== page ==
3.3 UNC POL 400.3.4 identifies the following possible grounds for course reductions from the expected teaching load for research universities:  increased administrative responsibilities, externally-funded research- including course buy-outs-and additional institutional and departmental service obligations.

3.4. The Dean of each college, in consultation with the department heads/chairs/directors within the College, will establish criteria for expected workload for the departments and schools in the college, including justifications for overloads and course reductions.   Department and school teaching workload expectations may vary in relation to major responsibilities and overall assignment of duties, disciplinary standards, class sizes, contact hours, and accreditation requirements.  The Provost must approve college or department workload expectations which vary significantly from expected college minimum loads.

3.5. Each department or school will develop guidelines for teaching assignments, including how course reductions, overloads, courses for extra compensation, large classes, laboratory or studio sections, graduate student advising, multiple sections of the same course taught simultaneously in face-to-face and distance education formats, and other variations from standard course loads are factored into teaching load and reporting. The Dean must approve guidelines which vary significantly from expected department minimum loads.

3.6 The department head or chair of each department or director of each school is responsible for defining individual workload assignments for each member of the faculty consistent with university, college and department guidelines. These expectations must be incorporated into each faculty member’s Statement of Mutual Expectations.  The Dean must approve individual teaching assignments that vary significantly from expected department and college minimum loads.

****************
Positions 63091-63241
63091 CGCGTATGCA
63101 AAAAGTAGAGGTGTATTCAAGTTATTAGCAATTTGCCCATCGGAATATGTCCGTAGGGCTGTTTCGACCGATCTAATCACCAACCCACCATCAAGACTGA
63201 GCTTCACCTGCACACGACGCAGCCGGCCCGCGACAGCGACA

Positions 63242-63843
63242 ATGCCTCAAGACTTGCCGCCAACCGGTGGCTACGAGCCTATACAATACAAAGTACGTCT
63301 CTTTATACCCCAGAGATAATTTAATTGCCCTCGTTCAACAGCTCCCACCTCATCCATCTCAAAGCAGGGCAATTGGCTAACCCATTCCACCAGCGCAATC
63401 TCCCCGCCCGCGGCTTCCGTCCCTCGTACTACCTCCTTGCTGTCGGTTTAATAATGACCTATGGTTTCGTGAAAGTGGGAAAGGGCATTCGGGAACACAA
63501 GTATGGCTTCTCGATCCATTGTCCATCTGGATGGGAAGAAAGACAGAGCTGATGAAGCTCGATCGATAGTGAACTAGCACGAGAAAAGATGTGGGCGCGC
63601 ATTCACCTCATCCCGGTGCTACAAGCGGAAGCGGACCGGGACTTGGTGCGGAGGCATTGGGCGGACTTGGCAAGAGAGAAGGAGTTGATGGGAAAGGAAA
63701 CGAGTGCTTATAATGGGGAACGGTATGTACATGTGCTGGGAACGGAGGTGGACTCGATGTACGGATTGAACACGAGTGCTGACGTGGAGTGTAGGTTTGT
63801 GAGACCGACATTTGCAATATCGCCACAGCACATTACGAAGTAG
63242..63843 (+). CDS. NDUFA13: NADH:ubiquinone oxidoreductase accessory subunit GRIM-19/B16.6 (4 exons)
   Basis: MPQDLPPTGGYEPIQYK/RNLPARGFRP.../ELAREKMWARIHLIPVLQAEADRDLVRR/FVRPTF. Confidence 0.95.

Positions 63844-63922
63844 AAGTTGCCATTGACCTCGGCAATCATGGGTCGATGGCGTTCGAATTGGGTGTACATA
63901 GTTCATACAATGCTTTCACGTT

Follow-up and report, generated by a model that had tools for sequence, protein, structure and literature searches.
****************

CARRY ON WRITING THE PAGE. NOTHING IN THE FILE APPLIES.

3.7. For faculty holding a joint or interdisciplinary appointment, the administrator of the faculty member’s primary academic department, in consultation with the administrator(s) of the departments to which the faculty member is jointly appointed or the interdisciplinary programs to which they are assigned, will define the workload expectations.

3.8. Faculty members will include their teaching responsibilities in their annual Faculty Activity Reports, and the department head/chair/director’s annual performance review of faculty members shall be based upon that year’s assigned duties. 

3.9 As required by the Board of Governors in its Academic Integrity Guidelines (UNC POL 700.6.1[R]), NC State must develop guidelines for the number of undergraduate independent studies a faculty member may teach per term.  The Provost has determined that a faculty member may teach no more than three (3) undergraduate independent studies for courses regularly available through classroom or distance education in a semester or summer session without written approval from dean (not designee).  

4. REPORTING ON FACULTY WORKLOAD

4.1 For reporting purposes, the University of North Carolina campuses will use the National Study of Instructional Costs and Productivity (Delaware Study) Data Collection Form for full time equivalent faculty within the University.

The Delaware Study provides comparable teaching data at the discipline/department level (not for individual faculty members) using the following faculty categories:

· regular tenure or tenure-track faculty
· other regular faculty
· supplemental faculty
· teaching assistants

4.2 UNC institutions, including NC State, will use the Delaware Study data definitions and common definitions of instructional formats; see  UNC POL 400.3.4 [R] Regulations Related to Monitoring Faculty Teaching Workloads.

4.3 For reporting purposes, teaching load is derived by the number of organized class courses a faculty member is assigned in a given semester. Courses that are not conducted in regularly scheduled class meetings, such as “readings,” “special topics,” “problems” or “research” courses, including dissertation/thesis research, and “individual lesson” courses (typically in music and fine arts) are excluded from the teaching load calculation reported for the Delaware study.

4.4 The University will use data from the Delaware study to collect information on teaching workload annually at department, college, and university levels and to monitor implementation of the University’s workload expectations.